- The Washington Times - Thursday, January 25, 2018

D.C. Mayor Muriel Bowser joined volunteers who hit the streets to count the number of people sleeping outdoors Wednesday night as part of the District’s annual “Point-in-Time” (PIT) tally of homelessness.

“We set out three years ago with what some people thought was an impossible goal — to end homelessness in our city,” Miss Bowser, a Democrat, told about 300 PIT volunteers gathered at Strong John Thomson Elementary in Northwest.

Miss Bowser, who ran on a campaign to make homelessness “rare, brief and non-recurring,” touted a 10.5 percent reduction in overall homelessness according to PITs count over the last two years.

But the PIT count also shows mixed results when it comes to the homeless population that sleeps outdoors. In 2015, the number of homelessness people sleeping rough was 544. In 2016 it dropped to 318, then rose to 897 last year.

Each U.S. city conducts its PIT count and shares it annually with the Department of Housing and Urban Development (HUD) which uses the tally to fund municipalities’ efforts in tackling homelessness.

“The better we do our count, the better we can report back to HUD, and the more money [for services] we get,” said PIT volunteer Kevin Morton, a 54-year-old former Marine who works as the homeless coordinator for the U.S. Department of Veteran Affairs.

Wednesday night, Mr. Morton and fellow volunteer Hector Lugo, 49, VA peer support specialist, worked for almost an hour to make sure they didn’t miss anyone. In Franklin Park, Mr. Morton approached an older man whose gray shelter-issue blanket blends in with the sidewalk on the corner K and 11th streets NW. As he knelt down to ask the man his name (Richard) and age (65) and if he would like shelter tonight (he doesn’t), Mr. Morton recorded his survey answers he carried on a clipboard.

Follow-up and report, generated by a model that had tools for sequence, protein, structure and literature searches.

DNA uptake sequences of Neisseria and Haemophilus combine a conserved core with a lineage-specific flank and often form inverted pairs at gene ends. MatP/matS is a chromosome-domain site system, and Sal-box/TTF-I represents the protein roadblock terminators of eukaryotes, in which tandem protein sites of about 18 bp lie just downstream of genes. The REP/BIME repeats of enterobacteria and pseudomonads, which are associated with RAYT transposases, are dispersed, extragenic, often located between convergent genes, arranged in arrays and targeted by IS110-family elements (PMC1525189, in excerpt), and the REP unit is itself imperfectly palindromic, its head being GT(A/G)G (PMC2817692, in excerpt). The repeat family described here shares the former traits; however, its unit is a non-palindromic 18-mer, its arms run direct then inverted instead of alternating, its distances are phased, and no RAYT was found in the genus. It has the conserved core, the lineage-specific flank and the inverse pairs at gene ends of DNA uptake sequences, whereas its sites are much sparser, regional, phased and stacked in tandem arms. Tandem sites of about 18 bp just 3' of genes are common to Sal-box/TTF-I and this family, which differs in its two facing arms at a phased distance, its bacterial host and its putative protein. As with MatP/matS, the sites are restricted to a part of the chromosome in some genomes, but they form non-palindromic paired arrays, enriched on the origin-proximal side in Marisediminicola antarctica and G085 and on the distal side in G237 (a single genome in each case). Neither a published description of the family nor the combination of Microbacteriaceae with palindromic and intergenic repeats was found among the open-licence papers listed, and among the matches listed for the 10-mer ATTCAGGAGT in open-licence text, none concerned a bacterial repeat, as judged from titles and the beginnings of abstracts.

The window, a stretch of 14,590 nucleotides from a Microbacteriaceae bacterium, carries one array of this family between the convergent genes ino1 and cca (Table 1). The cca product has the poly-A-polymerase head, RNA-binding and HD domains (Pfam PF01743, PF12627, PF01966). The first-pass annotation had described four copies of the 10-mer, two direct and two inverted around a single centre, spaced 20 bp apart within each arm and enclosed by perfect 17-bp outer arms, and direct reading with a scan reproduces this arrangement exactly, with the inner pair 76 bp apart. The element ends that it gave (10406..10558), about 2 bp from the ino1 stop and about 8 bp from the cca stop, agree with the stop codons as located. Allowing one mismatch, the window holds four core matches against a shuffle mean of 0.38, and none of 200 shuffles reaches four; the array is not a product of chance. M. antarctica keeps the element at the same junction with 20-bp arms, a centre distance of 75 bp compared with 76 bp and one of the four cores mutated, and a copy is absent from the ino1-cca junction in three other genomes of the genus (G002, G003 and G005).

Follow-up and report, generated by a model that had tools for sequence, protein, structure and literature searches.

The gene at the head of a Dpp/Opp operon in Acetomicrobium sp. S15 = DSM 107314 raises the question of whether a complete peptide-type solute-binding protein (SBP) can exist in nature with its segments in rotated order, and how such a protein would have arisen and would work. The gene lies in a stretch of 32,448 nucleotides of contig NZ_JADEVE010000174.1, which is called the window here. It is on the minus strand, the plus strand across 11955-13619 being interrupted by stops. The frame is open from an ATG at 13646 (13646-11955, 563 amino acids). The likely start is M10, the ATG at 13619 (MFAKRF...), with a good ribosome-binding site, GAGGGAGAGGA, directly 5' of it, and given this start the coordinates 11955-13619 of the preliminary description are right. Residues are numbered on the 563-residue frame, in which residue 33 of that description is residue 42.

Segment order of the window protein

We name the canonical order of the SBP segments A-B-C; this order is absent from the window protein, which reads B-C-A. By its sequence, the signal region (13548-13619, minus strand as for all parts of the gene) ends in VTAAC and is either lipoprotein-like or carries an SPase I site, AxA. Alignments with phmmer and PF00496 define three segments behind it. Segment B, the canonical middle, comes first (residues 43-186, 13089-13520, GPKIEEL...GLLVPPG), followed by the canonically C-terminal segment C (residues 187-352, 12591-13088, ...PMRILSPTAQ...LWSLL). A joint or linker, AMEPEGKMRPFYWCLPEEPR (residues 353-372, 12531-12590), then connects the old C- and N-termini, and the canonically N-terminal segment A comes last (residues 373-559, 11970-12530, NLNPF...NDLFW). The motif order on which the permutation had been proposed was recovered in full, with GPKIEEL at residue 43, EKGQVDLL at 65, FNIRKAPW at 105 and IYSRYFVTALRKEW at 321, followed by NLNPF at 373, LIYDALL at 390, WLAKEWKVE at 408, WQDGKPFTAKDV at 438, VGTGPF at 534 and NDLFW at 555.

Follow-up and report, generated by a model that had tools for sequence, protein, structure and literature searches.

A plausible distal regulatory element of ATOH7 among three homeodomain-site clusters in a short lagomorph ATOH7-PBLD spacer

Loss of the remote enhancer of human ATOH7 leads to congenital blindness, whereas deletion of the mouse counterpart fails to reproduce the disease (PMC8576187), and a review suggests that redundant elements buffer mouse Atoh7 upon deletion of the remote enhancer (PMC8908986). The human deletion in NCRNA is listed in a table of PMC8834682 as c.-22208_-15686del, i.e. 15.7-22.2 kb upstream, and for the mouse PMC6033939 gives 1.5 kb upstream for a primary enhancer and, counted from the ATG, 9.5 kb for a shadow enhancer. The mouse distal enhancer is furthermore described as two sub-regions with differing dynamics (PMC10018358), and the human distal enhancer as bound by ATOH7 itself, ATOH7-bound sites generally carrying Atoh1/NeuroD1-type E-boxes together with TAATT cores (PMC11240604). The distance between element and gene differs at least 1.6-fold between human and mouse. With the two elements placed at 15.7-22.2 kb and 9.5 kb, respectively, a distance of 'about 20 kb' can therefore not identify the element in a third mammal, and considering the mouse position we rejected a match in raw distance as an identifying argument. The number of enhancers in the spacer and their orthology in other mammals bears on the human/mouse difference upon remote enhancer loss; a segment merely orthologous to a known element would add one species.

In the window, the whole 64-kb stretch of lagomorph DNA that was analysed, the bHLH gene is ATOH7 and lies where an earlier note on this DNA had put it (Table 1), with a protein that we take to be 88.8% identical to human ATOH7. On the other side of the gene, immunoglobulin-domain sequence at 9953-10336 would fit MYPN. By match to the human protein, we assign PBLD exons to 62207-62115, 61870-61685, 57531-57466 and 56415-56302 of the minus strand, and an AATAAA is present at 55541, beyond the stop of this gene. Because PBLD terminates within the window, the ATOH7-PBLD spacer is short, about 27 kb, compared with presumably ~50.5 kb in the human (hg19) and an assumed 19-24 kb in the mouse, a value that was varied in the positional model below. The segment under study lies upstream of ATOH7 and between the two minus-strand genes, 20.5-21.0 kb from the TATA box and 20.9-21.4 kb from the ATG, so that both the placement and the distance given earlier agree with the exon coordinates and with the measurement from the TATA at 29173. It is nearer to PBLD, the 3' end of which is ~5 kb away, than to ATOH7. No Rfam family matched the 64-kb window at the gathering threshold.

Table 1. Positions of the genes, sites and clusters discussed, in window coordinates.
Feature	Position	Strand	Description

The 2018 PIT count is expected to be lower than last year’s, but that could due to the chilly temperatures.

“The unsheltered count tends to go down when the hypothermia alert is on,” a spokesperson for the The Community Partnership for the Prevention of Homelessness told The Times.

But more reductions in the PIT lend momentum to Miss Bowser’s plan to close the aging homeless shelter at the D.C. General Hospital and replace it with smaller shelters throughout the city.

“The work sometimes seems impossible and like we’re never nearing an end, but what we do see is that we’re driving down the number of people who are coming into our homeless services system,” said Miss Bowser, who is running for re-election.

D.C. Council member Brianne K. Nadeau, Ward 1 Democrat, said the District “can end chronic homelessness. We know how, and we are going do it.”

Ms. Nadeau, chair of the council’s Human Services Committee, backs the Bowser plan but admitted the first community meeting on a proposed homeless shelter in her ward was “pretty rough.”

Council member Elissa Silverman, at-large Democrat, said “we’re here to do this count to quantify what our homelessness problem is,” but also noted how the annual event highlights the gaps in the District’s human services.

Ms. Silverman told volunteers that two years ago during a PIT count, she met a homeless couple who refused shelter for fear of giving up their dog. In 2018, there are still no shelters in the District that accept pets.

People seeking shelter must place any pets in the care of the Human Rescue Alliance, according to a spokesperson for the District’s Department of Human Services.

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